Trend 1. Americans are steadily becoming less educated. (Not necessarily stupider, though that would explain a lot.) Grade inflation, an increasing lack of consequences for failure (such as the increasing trend of students being promoted even if they haven't mastered a grade), pressure to perform only on standardized tests at the expense of less easily measured skills, etc., are decreasing the value of a high school education. In my parents' time, for a child to go to college and not know trigonometry was aberrant; now colleges offer remedial courses in algebra and an increasing number have to take them. Our high schools are increasingly turning out adults unprepared for any sort of skilled labor.

Meanwhile, the cost of a college education continues to rise at a pace faster than inflation. In California, where the state's budget crisis is accelerating the process, cheaper community colleges are facing a doubling in per-unit charges while more expensive four-year institutions are only projected to rise about ten percent. In other words, those who can't already afford to educate themselves are being slowly locked out of the ability to work at much more than minimum wage. The class divide is growing and the poor are getting the shaft.

Trend 2. Historically, revolutions have come about not when the peasants are getting shafted (that always occurs to some degree), but when their quality of life drops so far that they stop being able to avoid noticing. The Romans had bread and circuses, and the Romans had their empire.

As technology increases, the ability to placate the masses increases with it. Television is the most immediate example, but nearly every first-world innovation is a warranty against revolt, right down to indoor plumbing and microwave burritos. The American masses have an impossibly high quality of life, historically speaking. There may be widespread discontent, but a revolution would disrupt so many of the things we take for granted (water, garbage, supermarkets, electricity, cable, etc., etc.) that it is basically unthinkable to the average individual. Things would have to get really bad to foment any sort of uprising -- these comforts would have to be disrupted and the populace would have to lose faith that the government was providing a service valuable enough to justify their sudden decline in quality of life.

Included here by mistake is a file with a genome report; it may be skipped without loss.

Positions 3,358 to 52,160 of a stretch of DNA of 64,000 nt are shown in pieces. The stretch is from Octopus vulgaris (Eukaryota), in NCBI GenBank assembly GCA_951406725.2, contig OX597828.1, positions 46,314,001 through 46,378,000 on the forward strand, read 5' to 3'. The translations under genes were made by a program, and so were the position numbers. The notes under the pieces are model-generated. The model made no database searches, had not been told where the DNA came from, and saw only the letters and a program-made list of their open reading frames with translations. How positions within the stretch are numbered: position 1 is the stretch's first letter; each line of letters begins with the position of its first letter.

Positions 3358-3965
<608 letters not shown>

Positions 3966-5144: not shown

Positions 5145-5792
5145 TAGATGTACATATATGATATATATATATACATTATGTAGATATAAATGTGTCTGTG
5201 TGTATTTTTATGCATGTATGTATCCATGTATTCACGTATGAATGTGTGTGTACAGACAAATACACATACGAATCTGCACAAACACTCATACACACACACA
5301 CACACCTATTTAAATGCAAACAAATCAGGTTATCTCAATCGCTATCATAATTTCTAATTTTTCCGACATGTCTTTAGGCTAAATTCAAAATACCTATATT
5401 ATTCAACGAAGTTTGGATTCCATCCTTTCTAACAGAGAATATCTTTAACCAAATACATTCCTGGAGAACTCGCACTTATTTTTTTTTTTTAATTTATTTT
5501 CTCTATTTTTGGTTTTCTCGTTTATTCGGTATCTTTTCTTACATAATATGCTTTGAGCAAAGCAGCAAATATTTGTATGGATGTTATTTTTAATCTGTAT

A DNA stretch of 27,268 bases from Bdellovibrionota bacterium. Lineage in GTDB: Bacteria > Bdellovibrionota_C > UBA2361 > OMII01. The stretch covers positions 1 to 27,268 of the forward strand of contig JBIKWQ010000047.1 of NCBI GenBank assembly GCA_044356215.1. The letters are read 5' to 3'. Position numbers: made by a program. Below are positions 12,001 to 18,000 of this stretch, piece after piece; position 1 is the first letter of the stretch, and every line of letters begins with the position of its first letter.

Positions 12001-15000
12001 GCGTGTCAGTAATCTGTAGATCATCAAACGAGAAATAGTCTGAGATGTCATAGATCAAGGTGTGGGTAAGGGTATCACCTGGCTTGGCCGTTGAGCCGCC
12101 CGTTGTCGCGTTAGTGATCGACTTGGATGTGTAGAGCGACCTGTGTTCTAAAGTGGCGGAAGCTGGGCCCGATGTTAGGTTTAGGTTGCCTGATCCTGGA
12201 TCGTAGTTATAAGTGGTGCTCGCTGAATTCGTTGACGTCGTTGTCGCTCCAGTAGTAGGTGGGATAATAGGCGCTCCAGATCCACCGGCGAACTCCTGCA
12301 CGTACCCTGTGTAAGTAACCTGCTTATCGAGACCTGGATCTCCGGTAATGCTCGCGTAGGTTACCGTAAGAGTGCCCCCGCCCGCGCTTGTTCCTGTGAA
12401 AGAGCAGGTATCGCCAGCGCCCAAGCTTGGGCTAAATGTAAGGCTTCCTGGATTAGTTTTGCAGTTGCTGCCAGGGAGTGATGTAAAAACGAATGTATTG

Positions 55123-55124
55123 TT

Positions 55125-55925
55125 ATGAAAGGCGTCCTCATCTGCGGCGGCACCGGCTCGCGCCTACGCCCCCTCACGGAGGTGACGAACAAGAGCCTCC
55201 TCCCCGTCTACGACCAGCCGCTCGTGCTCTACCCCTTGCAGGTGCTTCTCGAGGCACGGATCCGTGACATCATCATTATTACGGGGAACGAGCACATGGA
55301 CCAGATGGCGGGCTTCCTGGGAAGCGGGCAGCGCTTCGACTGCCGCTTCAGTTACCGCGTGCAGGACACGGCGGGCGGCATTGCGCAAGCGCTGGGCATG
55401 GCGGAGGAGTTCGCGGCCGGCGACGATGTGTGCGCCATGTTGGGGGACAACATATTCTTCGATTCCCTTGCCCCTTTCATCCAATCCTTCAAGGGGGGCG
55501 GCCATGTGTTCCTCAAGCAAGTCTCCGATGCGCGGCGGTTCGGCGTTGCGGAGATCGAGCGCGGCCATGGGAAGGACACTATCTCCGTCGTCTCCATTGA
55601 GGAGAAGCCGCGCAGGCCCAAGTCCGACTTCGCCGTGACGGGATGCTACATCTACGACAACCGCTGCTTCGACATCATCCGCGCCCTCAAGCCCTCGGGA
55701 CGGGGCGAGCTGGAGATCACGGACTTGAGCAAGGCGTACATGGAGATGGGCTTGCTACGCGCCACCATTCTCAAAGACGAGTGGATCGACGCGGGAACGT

Observation. This is unlikely to happen, because with the United States running around being unilaterally, erratically aggressive as the world's "sole superpower," and with its economic oppression of the rest of the world (whatever our motives may be, it's undeniable that our quality of life would vastly degrade if we were to pay overseas for labor and goods what they're worth here), most of the rest of the world -- especially less-developed countries -- is becoming increasingly pissed off at us. Sooner or later, someone will decide to take out their frustrations on us, and American politicians will seize the excuse to unite the U.S. under the banner of self-defense, making people feel that the external threat is more pressing than any domestic degradation. After all, who wants to overthrow a government that is the only thing standing between them and horrible certain death?

I predict, in fact, that this will happen soon. Perhaps starting as early as September of two years ago.

All jokes aside, keep this in mind: I don't know just how quickly the gap between the classes is going to grow, or how quickly the middle class is going to disintegrate as rich become richer and poor become poorer. But if that class gap is widening too fast, the "War on Terrorism" may be the only thing standing between us and an internal revolt.

If that is the case, then it would be unthinkable to end it; and it is equally unthinkable to continue to escalate our external conflicts, because sooner or later we're going to either end up occupying the remainder of the world, or provoking someone who actually has the ability to strike back in a formal, large-scale way.